Imagine a world without failed searches. Dreamy, right?
Since the average cost-per-hire is more than $4,000, and it takes around 42 days to fill a position, you want a successful search. At the same time, if you can’t identify a solid candidate, you don’t want to force the decision—considering the cost of a bad hire ranges from $25,000 to $50,000.
How can you attract the right talent to your vacancies… the first time around? Here are three ways to attract your ideal applicants, before you ever say, “Tell me about yourself.”
Define what you want—and consult every decision-maker. Before you post a job, take time to clarify what every decision-maker wants, along with any deal breakers. Too frequently, search committees review applicants, interview candidates, and identify their top picks, yet fail to reach a consensus. Although the hiring decision may not be unanimous, you don’t want a committee that’s deeply divided in the final round of the process. And if the committee makes a hiring recommendation to the search and department chairs, you want that recommendation endorsed, not vetoed.
Before you post a vacancy, ensure that every decision-maker is on the same page in terms of ‘wants’ and ‘don’t wants.’ Defining the nonnegotiables—before you finalize the job description—strengthens the search. By establishing these parameters early, it’s easier to narrow down the pool and interview the right talent.
Move beyond recycled, run-of-the-mill job descriptions. If positions are standardized across your organization, you may have little control over the job description. Conversely, if you do have influence over the job description, use it. It’s common for HR teams to write job descriptions, but when the writer has no connection to the role, the description can be stale. When writing a new description, or updating a current one, ask the person who does the work to describe what they do. “Employees can vouch for what they actually do and should have input into their descriptions. However, the manager must also be a part of this process…” shares SHRM.
What’s more helpful? A bullet point that says, “Coordinate marketing strategy,” or “You will have autonomy over the marketing strategy, plus ownership of specific campaigns, initiatives and events.” When the job advertisement accurately reflects the work, organizations can avoid the dreaded, “This job isn’t what I thought it was going to be.”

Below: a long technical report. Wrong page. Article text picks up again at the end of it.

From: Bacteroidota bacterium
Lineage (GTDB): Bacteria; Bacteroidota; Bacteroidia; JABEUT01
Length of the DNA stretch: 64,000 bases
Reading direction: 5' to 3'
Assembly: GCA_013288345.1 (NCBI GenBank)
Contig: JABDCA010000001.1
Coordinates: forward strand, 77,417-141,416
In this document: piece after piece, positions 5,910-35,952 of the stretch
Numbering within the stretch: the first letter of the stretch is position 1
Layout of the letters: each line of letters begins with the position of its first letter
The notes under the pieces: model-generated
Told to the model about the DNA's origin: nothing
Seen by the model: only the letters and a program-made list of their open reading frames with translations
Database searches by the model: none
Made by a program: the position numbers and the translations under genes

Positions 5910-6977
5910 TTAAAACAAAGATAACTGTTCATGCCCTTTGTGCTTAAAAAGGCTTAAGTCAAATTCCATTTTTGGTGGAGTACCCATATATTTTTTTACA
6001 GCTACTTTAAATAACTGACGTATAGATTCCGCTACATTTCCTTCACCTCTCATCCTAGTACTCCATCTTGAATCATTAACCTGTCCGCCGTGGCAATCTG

Illustrate workplace culture with concrete examples. Now more than ever, candidates evaluate prospective employers based on workplace culture. In fact, Gallup “…found that eight in 10 U.S. adults who are open to a new job or who are actively seeking a job say they are at least somewhat more likely to apply to a company that has won a great workplace award.” When it comes to workplace culture, show, don’t tell. Help applicants visualize your workplace culture before they apply.
If an employee has a doctor appointment, can they flex their time? If a young professional wants to grow within the organization, can they participate in a coaching program or leadership training? Telling applicants you’re a people-first organization is nice, but illustrating what ‘people-first’ means is actually helpful. If your culture isn’t communicated within the job description itself, share these brand elements—like mission, purpose, and benefits—on your careers page.
Attracting the Best Candidates
No one wants a failed search. And no organization wants to attract and hire the wrong candidates. Consult every decision-maker to define what you want. When possible, move beyond template job descriptions. And work hard to illustrate your workplace culture with concrete examples. Your organization, and bottom line, will thank you.
You are well-equipped to find and hire the best candidates for your company.